The existence of these extra modes came as a total shock to my brother and me. There were no hints, previews, or shameless advertising that let slip the presence of Parappa in Um Jammer Lammy. It was like an entire sequel was hidden within the game, just waiting to be unlocked and sweeten an already spectacular experience. These days, that sort of content would be leaked months before the shipping date as a means to create media buzz and overzealous promotion. A worthwhile extra like Parappa Mode would be packaged as marked-up DLC, or worse yet, as a ludicrously priced expansion pack. So instead of longing for a sequel for these beloved characters, I take comfort in my memories of a simpler time; when a video game could still hide a secret on its disc.
October 1998: Dial Up Wide Area Network Games Operation (DWANGO) shuts down. In the days before the Internet (yes, there were days before the Internet), how in the heck did people play games together across the expanse of this great nation? Well, if you enjoyed DOOM in New York, you might have connected to your DOOM-playing friends a few states over via DWANGO. Originally called the DOOM Wide-Area Network Games Operation, this fee-based system initially had players dial into servers based in Houston, Texas, in order to access DOOM‘s multiplayer features. DWANGO proved popular enough that its creators eventually set up almost two dozen servers across the county.
Good thing this community post came along because I was running out of ideas. Okay, so our first community post is about co-op. I thought I knew what this was, but just to be sure, I checked it out on Wikipedia (I am not big into multiplayer and thus am not overly familiar with all the terms). It appears my understanding was correct. Yay. Okay, co-op. Cooperative play. Unlike other forms of multiplayer, this does not involve trying to blow your friend’s brains out, but rather, working together. As fun as incinerating your friends sounds, co-op has its own appeal. Sometimes it can be quite fun to actually work together with other people to reach a common goal, instead of trying to prevent someone from achieving victory. (It’s also not fun when you’re like me, and your friends repeatedly wipe the floor with you.) Co-op can be quite fun indeed (and it’s the only way I can beat “Super Mario World”), and there is actually something I just realized not long ago about it. Co-op, in some cases, actually has the ability to make bad games good.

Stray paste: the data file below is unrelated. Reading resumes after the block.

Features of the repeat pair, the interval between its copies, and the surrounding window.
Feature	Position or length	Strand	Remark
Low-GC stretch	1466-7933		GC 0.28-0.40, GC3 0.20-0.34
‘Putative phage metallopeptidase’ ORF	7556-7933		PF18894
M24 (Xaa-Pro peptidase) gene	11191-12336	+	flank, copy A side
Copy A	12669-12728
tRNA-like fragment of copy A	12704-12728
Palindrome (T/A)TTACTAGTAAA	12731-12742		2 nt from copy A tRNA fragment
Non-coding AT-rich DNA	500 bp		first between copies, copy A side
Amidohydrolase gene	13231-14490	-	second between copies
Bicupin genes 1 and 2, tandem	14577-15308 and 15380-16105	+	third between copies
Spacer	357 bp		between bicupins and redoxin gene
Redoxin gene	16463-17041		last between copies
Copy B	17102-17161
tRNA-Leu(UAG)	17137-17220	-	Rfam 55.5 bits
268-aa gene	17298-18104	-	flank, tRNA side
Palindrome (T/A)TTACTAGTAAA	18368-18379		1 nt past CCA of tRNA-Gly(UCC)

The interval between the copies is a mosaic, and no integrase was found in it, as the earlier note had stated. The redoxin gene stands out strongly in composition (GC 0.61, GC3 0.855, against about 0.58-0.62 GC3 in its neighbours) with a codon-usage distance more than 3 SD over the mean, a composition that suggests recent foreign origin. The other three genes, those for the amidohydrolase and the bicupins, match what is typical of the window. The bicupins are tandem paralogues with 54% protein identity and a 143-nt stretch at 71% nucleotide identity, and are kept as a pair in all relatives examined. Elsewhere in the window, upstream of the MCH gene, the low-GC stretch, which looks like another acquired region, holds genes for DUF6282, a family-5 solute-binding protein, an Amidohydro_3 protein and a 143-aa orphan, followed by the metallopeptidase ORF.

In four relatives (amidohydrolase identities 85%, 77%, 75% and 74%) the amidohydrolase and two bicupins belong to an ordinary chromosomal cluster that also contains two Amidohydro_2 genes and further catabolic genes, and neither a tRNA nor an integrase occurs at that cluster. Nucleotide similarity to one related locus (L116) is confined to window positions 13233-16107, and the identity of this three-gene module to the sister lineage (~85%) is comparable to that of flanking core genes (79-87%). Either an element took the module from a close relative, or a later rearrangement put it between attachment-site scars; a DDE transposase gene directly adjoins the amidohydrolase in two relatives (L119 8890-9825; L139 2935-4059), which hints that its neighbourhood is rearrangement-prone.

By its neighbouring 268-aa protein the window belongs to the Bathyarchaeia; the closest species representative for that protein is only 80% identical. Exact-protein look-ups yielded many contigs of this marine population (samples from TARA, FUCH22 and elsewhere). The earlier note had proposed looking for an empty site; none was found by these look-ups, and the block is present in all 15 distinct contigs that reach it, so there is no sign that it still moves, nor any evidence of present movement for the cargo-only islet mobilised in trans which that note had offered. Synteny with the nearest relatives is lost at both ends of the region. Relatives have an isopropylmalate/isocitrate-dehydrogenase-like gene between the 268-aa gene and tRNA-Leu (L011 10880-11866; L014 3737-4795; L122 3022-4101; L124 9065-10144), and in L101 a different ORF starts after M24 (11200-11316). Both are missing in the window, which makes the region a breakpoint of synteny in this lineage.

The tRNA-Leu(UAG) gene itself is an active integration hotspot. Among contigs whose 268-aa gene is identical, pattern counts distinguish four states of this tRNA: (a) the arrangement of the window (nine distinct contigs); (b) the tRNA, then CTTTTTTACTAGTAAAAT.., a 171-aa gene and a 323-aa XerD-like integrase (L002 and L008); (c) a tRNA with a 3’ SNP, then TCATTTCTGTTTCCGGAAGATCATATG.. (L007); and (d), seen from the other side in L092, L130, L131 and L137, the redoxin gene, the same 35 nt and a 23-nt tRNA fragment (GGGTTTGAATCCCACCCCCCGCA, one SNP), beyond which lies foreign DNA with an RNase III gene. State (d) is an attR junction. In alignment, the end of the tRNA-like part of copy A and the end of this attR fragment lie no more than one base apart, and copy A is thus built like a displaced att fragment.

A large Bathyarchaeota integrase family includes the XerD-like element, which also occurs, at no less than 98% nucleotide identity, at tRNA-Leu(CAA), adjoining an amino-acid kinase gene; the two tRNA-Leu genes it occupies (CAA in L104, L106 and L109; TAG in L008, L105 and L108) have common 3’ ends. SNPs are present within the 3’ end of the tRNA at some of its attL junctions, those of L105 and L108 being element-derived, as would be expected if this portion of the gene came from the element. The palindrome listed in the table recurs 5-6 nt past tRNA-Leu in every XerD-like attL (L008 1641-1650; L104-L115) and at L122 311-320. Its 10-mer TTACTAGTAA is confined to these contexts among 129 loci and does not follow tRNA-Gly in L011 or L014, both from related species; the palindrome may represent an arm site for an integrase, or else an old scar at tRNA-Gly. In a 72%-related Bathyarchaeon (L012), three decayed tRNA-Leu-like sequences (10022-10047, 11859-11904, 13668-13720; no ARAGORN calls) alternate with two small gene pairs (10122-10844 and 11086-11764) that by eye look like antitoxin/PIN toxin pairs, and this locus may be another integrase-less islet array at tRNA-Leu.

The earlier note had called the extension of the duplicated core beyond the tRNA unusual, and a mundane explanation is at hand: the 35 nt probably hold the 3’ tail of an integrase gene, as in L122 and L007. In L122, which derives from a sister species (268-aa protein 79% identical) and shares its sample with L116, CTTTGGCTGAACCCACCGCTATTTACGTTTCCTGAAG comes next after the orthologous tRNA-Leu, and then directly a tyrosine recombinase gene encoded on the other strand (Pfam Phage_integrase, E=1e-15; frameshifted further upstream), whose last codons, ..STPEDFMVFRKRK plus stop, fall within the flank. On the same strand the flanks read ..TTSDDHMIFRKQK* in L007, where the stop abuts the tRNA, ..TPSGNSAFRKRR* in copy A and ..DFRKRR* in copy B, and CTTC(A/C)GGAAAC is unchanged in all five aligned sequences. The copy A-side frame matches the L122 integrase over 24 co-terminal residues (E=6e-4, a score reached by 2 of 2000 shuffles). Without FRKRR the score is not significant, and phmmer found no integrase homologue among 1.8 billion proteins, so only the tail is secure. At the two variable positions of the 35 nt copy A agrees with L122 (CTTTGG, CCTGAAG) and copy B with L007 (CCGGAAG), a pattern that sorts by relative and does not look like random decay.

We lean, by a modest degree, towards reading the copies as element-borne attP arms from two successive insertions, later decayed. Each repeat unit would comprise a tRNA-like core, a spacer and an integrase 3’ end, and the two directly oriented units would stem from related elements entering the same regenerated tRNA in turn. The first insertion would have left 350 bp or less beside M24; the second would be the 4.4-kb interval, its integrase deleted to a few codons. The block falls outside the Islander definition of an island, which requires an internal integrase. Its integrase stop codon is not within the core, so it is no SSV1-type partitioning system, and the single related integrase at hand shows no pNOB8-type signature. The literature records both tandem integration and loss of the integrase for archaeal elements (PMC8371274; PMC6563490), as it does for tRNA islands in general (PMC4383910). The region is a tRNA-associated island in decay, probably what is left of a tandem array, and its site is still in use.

Take a SNES game you have likely never heard of called “Joe and Mac”. This game involves controlling this caveman or cavemen through a bunch of levels, killing dinosaurs and Neanderthals. The game can be pretty darn annoying, and it doesn’t help that there are no save points. Plus, some of the sound effects and creature designs were just plain creepy. (And I could just never get over the fact that Joe and/or Mac regain health from the meat left over by the Neanderthals. Isn’t that cannibalism?) Despite disliking the game, I’ve kept it because it is a good challenge. Nevertheless, I still really very much don’t like it at all. Continue reading Community Post: Co-Op Makes It All Better→
My husband and I have bonded over lots of things during our years together. And early on, we found common ground in video games in that we each liked playing them. We’re both continually interested in games, new and old, and we do our best to stay in the news loop concerning games. But what we don’t really do is play games together. We do lots of things well together, but video games are not one of them. So when I tell other gamers that yes, we play video games but, but no, we don’t play them together, they seem to get very confused and something like the following conversation ensues: